It is notable that in both cases, NATO had not intervened. And one might ask himself why. Because NATO does not mean - at least in theory - only defending the territories of member states, but also defending democracy and justice, as well as securing economic wealth and a stabile political regime. Of course, we have to think by the spirit of the time and we cannot blame anybody, because there are always people who command and people who execute the orders. If an American leader decided not to intervene, one cannot blame the American nation for failing to deliver support to a Communist state who wanted to break free from the former Soviet Union.
And we should not forget about the fact that NATO was still at its beginning. There was no such solidarity among its members as there is today. A possible response from any of the members or NATO itself could have meant the end of mankind. Soviet military leaders were not exactly soft when it came to defend the interests of the Soviet Union as well as Communist ideology in general. Ties between the Soviets and the Chinese were constantly tightening, and the Soviet Union could not afford to show any “weakness” at all. People from Western Europe were very afraid of a nuclear war and the possibility of a Holocaust was very real indeed. This fact materialized especially during the 1962 Cuban missile crisis. Cuba had been a faithful ally of the Soviet Union and, according to nowadays knowledge of facts, the Communist state had provided the Soviets with very many information concerning American military tactics, weaponry and intelligence. The Americans were not exactly happy knowing that they had a virtual nuclear power at their backdoor. When the Soviets tried to deploy their missiles in Cuba, president John Fitzgerald Kennedy threatened to push the red button and thus to lead to the outbreak of the nuclear war. One of the greatest dangers humanity had to face so far was finally averted when Hrushchov ordered his soldiers to refrain from their already-in-progress nuclear activities. But even though the Americans had won a fight, they had by far not won the battle yet. They were to be confronted with far more serious hardships. And many lives were to be lost only due to either bad leadership, veneration of war or merely due to imperialistic dreams.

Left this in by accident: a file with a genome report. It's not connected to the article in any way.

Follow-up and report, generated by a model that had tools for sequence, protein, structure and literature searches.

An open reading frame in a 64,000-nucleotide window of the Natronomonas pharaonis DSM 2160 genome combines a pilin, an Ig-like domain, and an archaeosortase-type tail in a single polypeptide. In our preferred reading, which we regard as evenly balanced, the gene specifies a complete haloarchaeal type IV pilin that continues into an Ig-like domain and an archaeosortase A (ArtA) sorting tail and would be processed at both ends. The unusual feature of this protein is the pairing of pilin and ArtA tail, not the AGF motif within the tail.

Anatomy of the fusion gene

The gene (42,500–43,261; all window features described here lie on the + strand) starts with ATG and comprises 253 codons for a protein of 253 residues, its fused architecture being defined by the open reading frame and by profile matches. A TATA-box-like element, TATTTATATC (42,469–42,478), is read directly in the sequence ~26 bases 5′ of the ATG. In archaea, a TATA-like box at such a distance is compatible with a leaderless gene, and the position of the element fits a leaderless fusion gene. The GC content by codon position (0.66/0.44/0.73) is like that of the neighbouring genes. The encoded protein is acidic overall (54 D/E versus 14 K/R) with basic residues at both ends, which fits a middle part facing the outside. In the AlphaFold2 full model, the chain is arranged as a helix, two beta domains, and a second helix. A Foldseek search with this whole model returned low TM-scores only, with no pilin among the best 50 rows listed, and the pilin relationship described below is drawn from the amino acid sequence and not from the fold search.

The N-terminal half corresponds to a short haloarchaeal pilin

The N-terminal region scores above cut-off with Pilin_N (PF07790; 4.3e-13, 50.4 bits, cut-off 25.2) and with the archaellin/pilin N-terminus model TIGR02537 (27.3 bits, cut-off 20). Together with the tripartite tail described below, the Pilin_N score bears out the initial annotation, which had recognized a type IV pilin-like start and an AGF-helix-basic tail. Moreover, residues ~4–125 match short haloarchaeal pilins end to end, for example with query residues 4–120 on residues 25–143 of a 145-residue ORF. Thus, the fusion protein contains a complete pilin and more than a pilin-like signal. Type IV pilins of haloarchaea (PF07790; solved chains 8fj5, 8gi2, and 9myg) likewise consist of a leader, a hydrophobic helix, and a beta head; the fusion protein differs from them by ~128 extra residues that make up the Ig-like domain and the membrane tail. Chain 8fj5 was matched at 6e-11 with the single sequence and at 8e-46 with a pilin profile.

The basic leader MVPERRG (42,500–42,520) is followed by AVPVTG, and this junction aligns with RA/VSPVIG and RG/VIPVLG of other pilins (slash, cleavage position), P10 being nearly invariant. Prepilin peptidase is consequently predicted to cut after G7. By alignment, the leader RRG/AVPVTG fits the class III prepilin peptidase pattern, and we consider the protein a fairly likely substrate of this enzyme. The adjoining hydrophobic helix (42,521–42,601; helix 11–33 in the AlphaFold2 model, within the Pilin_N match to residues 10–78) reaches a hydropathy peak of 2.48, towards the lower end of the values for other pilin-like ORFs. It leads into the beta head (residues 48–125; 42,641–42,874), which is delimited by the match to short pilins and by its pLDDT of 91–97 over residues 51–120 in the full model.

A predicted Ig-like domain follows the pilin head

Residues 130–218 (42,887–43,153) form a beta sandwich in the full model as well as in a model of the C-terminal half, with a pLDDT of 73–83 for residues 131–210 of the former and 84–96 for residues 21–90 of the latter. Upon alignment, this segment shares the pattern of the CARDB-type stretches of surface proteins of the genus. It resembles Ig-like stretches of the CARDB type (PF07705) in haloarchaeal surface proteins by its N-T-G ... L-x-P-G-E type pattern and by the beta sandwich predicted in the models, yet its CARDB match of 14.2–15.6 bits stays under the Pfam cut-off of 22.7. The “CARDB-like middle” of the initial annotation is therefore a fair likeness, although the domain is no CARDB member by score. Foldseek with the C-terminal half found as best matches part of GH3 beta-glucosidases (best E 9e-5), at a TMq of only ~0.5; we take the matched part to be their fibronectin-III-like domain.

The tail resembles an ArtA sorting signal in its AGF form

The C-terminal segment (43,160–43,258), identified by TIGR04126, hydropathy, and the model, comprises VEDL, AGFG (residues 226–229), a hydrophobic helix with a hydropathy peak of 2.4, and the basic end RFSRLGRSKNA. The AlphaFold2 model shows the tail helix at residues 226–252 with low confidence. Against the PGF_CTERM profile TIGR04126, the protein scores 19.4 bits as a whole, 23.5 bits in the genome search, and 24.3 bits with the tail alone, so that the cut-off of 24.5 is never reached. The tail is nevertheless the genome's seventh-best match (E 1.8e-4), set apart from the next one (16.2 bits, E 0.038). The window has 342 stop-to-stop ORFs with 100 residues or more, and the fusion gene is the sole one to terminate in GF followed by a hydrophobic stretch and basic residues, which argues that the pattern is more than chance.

2. NATO in the 70es
Although the 70s brought a relatively calm period, the Vietnam War shook America. Thus, NATO came indirectly into conflict with Communist regimes, not only that of Northern Vietnam, but as well as with those of the Soviet Union and China. America’s wish to impose its rule in Asia brought many hardships and pain. After the French defeat at Dien Bien Phu in 1954, America literally took over the hegemony in Vietnam. But unfortunately, either due to a bad policy or to obscure political interests, the Americans failed to fight efficiently against the Communist armies. First of all, the Americans did not bring in all their troops at once, but kept pouring them in as they were needed. The trouble was that the Communists did not really care about casualties or other human-related problems like piranha-infested rivers, loss of property, millions of refugees. They wanted to win at all costs and they were strongly supported by the Soviets who delivered weapons as well as intelligence. The Chinese government supported the Vietnamese despite a conflict with the Communist state in the 1960es over the Trung Sa (Spratlies) islands. At a certain moment, Chinese and Soviet pilots took over the plains from the Vietnamese air force whose pilots had been either killed or no longer able to fly. Only much later the truth as to who the real enemies of the Americans had been came to surface.
The war cost the Americans more than 55.000 human lives as well as a huge amount of hard cash. The Vietnamese had lost over 3 million people and they also had to see their land destroyed by bombings. It was a said image, which was to feed the hatred of the Vietnamese against the Americans for a long time to come.